“Science is proving to us that you cannot segregate mind and body,” she said. “The study of genetics, the study of the brain — hormonal studies show that mind and body are one and the same.”

To meet this new understanding, a vastly different medical system, one that takes things like stress more seriously, is arising.

“The stress of shopping is just another stress in people’s lives,” said Weiner. “So we have to take a look at this seriously and understand how fashion and retailing fit in with the combination now of physical and mental well-being, because that is the health model.”

The third growth business is customization, which comes in a couple of flavors. Increasingly, people are relying on what Weiner described as the professional “servant class,” which would include people employed as personal trainers or personal chefs.

In providing their services, this emerging class takes on an important gatekeeper role. “Fashion underpins a great deal of the professional servant class that is emerging, whether it is fashion in the kitchen, fashion in the gym or fashion in the home,” said Weiner.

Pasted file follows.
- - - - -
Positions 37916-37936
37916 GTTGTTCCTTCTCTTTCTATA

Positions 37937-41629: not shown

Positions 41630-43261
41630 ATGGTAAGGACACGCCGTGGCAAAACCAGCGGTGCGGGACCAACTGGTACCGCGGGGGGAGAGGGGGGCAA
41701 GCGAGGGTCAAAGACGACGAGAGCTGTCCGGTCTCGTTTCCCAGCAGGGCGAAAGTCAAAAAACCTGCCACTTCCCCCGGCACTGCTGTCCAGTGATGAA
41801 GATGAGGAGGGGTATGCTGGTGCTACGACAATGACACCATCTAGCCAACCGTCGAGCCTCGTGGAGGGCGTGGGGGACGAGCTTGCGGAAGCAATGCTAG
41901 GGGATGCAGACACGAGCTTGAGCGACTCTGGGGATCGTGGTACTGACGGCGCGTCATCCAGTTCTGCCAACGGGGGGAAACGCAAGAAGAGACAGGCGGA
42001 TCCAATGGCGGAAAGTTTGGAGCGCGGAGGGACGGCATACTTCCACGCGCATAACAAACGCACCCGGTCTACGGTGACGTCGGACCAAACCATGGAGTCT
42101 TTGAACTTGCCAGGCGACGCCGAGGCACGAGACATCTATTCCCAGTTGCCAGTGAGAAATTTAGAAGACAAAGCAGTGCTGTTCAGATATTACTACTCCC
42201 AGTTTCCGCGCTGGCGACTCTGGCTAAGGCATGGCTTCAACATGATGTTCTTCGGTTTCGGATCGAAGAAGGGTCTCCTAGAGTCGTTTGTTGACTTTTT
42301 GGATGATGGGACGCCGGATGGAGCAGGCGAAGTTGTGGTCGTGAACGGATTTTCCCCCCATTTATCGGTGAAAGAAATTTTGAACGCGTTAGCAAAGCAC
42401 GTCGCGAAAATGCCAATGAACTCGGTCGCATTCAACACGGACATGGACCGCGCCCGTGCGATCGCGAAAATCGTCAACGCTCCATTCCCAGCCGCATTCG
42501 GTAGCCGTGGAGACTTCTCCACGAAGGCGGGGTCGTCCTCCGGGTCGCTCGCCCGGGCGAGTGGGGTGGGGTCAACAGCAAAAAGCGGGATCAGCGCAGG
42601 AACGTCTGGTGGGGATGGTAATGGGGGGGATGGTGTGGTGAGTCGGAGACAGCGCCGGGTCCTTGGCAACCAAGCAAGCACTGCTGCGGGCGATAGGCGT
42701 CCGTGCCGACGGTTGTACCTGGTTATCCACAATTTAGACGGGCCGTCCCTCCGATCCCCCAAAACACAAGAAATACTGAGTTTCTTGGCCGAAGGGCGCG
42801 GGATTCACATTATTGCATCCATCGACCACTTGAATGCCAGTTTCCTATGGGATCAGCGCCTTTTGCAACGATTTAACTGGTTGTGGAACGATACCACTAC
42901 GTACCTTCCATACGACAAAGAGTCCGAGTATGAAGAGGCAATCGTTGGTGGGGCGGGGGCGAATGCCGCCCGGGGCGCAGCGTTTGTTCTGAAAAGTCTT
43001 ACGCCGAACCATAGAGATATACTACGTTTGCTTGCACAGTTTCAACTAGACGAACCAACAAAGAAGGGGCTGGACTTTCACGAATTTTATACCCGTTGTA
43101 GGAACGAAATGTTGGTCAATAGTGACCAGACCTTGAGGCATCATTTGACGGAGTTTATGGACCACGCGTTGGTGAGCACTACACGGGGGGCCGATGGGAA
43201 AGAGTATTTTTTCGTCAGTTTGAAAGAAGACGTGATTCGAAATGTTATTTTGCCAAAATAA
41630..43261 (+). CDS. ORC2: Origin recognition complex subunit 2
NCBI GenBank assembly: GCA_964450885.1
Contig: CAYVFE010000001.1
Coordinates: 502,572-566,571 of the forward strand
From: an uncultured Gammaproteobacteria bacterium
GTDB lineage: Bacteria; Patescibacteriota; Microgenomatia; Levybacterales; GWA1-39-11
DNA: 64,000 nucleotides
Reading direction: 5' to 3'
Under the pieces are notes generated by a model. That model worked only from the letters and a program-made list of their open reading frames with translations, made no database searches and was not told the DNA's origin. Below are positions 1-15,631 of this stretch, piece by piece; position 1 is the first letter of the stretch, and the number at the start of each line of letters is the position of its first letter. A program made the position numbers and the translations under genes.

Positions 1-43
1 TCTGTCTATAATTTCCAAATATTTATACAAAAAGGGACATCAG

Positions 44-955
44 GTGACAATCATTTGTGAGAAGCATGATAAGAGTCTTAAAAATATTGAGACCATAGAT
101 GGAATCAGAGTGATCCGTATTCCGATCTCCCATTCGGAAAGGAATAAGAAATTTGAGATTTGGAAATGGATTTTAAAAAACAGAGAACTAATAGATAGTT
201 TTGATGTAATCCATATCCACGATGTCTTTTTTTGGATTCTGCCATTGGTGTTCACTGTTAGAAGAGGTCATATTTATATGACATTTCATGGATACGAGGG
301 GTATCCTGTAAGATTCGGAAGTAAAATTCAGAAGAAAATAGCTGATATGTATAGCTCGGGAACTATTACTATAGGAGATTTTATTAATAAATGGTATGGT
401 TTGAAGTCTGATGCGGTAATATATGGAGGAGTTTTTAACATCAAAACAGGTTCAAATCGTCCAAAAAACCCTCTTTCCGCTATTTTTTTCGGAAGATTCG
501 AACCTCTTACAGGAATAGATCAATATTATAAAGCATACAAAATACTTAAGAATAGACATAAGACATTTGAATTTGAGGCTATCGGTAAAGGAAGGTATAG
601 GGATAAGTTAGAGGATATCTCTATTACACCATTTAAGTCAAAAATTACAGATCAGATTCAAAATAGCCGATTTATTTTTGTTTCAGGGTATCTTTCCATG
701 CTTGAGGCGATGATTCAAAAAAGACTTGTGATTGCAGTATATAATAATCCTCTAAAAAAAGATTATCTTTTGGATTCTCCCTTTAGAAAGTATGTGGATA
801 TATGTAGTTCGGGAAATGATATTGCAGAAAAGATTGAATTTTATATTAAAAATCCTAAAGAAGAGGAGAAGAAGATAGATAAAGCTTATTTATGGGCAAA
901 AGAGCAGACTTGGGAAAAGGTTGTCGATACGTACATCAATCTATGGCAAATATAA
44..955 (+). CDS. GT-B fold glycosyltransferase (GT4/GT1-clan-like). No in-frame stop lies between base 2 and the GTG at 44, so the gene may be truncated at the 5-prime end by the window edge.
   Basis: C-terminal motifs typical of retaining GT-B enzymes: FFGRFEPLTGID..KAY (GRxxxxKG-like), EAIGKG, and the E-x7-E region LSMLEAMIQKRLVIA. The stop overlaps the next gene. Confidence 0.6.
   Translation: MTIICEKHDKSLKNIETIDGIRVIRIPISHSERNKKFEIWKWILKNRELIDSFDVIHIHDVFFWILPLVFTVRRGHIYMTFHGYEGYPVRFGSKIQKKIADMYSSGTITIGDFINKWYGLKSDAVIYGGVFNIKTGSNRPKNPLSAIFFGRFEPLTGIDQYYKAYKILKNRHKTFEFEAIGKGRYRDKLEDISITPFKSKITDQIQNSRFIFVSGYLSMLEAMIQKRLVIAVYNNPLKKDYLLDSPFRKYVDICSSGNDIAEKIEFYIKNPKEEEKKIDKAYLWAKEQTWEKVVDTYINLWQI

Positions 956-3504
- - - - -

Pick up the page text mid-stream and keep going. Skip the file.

Customization also could grow in importance on the mass scale. “We will discover enormous inefficiencies in mass production and now that we have driven the costs out of everything else in the value chain and the distribution model we have to get back to our very beginning assumption,” she said. New technologies are on their way to making products customized for a specific customer much more affordable.

After all, there’s never any reason to mark down a pair of customized jeans.

The last two major growth industries are security and areas that include an element of personal fulfillment.

Security will grow as a business as the dynamics of financial and personal safety change. The financial safety nets, such as lifelong employment, reliable pensions and a lifelong marriage have been degraded, leaving people to, in some cases, choose between investing in their 401K plan or their wardrobe.